Working for the Democratic Party: The chairwoman of the Federal Election Commission (FEC) has voiced support for Lois Lerner’s harassment of conservatives at the IRS, and wants to wield her agency’s power in the same manner.
[Critics] take special aim at the commission’s Democratic chairwoman, Ann Ravel, who also served as chairwoman of California’s equivalent to the FEC, the Fair Political Practices Commission, before coming to Washington in 2013. Ravel has lambasted the commission as “dysfunctional” because votes on enforcement issues have often resulted in ties, and she has said the commission should go beyond its role of enforcing election laws by doing more to get women and minorities elected to political office. She has complained that super PACs are “95 percent run by white men,” and that as a result, “the people who get the money are generally also white men.”
To remedy those problems, Ravel sponsored a forum at the FEC in June to talk about getting more women involved in the political process. She has also proposed broadening disclosure laws to diminish the role of outside spending, and suggested that the FEC should claim authority to regulate political content on the Web. She’s also voiced support for eliminating one member of the commission in order to create a partisan majority that doesn’t have tie votes, saying in an interview with Roll Call, “I think it would help.”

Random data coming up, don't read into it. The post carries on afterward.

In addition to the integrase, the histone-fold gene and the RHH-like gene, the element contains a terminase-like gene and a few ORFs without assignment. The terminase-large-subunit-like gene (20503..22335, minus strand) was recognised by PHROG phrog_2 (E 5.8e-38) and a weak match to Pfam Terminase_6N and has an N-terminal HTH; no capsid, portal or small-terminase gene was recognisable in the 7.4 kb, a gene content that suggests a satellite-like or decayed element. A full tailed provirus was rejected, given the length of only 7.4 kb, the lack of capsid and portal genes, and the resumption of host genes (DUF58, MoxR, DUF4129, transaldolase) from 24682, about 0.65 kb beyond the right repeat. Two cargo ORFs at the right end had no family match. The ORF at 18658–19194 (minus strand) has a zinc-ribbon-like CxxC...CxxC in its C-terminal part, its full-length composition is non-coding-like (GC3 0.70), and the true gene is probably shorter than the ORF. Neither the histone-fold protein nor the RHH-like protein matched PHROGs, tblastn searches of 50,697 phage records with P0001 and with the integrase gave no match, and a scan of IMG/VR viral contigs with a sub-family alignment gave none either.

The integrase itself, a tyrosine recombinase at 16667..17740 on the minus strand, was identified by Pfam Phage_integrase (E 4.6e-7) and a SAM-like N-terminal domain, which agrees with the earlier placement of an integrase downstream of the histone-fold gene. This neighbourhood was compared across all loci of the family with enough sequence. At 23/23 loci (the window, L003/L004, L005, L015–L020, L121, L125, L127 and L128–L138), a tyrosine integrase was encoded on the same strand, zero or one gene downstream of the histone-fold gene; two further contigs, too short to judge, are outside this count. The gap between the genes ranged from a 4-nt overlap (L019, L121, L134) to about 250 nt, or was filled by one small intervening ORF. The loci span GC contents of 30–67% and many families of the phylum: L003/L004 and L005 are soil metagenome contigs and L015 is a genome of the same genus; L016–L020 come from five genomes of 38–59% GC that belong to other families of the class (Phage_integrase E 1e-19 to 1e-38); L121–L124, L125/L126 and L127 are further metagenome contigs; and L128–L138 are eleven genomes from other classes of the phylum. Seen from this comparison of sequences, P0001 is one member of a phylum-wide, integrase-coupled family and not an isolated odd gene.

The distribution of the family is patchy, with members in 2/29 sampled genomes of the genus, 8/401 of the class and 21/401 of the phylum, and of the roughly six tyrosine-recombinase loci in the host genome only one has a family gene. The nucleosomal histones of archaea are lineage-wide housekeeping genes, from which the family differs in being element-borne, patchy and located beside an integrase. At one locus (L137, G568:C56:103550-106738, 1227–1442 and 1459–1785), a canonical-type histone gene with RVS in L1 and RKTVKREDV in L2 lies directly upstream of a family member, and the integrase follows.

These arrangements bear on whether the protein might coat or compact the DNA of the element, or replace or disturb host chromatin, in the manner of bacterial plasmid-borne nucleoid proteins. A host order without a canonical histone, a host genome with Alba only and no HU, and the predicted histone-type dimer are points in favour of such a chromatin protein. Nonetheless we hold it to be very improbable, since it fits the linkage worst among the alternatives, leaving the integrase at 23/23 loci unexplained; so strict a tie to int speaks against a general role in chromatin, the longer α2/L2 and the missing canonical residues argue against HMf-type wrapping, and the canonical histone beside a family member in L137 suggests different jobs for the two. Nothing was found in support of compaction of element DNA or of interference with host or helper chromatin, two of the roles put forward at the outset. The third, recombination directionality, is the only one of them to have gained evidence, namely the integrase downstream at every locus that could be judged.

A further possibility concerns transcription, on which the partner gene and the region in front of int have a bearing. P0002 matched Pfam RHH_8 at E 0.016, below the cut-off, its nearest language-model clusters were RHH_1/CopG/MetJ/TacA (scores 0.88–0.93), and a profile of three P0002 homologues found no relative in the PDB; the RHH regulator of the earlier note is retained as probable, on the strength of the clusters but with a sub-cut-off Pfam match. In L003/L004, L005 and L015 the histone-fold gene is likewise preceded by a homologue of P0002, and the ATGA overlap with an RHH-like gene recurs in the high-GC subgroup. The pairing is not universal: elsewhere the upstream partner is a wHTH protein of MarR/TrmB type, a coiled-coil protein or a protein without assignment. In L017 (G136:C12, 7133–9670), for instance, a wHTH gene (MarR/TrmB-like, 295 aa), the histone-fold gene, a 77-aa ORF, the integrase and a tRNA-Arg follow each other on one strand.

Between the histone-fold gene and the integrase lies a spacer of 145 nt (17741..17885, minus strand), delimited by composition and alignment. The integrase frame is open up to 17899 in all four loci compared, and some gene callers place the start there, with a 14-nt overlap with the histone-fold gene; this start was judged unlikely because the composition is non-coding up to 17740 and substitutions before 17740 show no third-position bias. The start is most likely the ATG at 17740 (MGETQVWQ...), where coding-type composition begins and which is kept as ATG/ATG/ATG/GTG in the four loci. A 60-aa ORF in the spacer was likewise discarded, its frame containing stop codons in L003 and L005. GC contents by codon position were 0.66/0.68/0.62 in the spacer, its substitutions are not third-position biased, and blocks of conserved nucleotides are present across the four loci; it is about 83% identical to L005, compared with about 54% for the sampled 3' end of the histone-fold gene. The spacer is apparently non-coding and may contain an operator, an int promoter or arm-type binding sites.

In other words, she doesn’t like how Americans vote, and wants to change the results, by any means necessary.
Her partisan willingness to use the FEC to influence elections, something it is fundamentally not supposed to do, illustrates an important aspect of the IRS scandal. Obama might be leading the way in using the government to squelch any political opposition, but he couldn’t do it if he didn’t have the support of a lot of individuals within the government, both political appointees and civil service workers.
I have a saying: “It is the audience that counts.” Having someone in charge demanding action means nothing if he or she doesn’t have a legion of supporters willing to back him or her up. It appears the fascist beliefs of many leaders in the Democratic Party and in leftwing academic circles do have that legion of supporters. We who believe in freedom and democracy had better recognize this at some point, since an unwillingness to do so (as illustrated by the Republican leadership) will only allow these fascists to gain more power.
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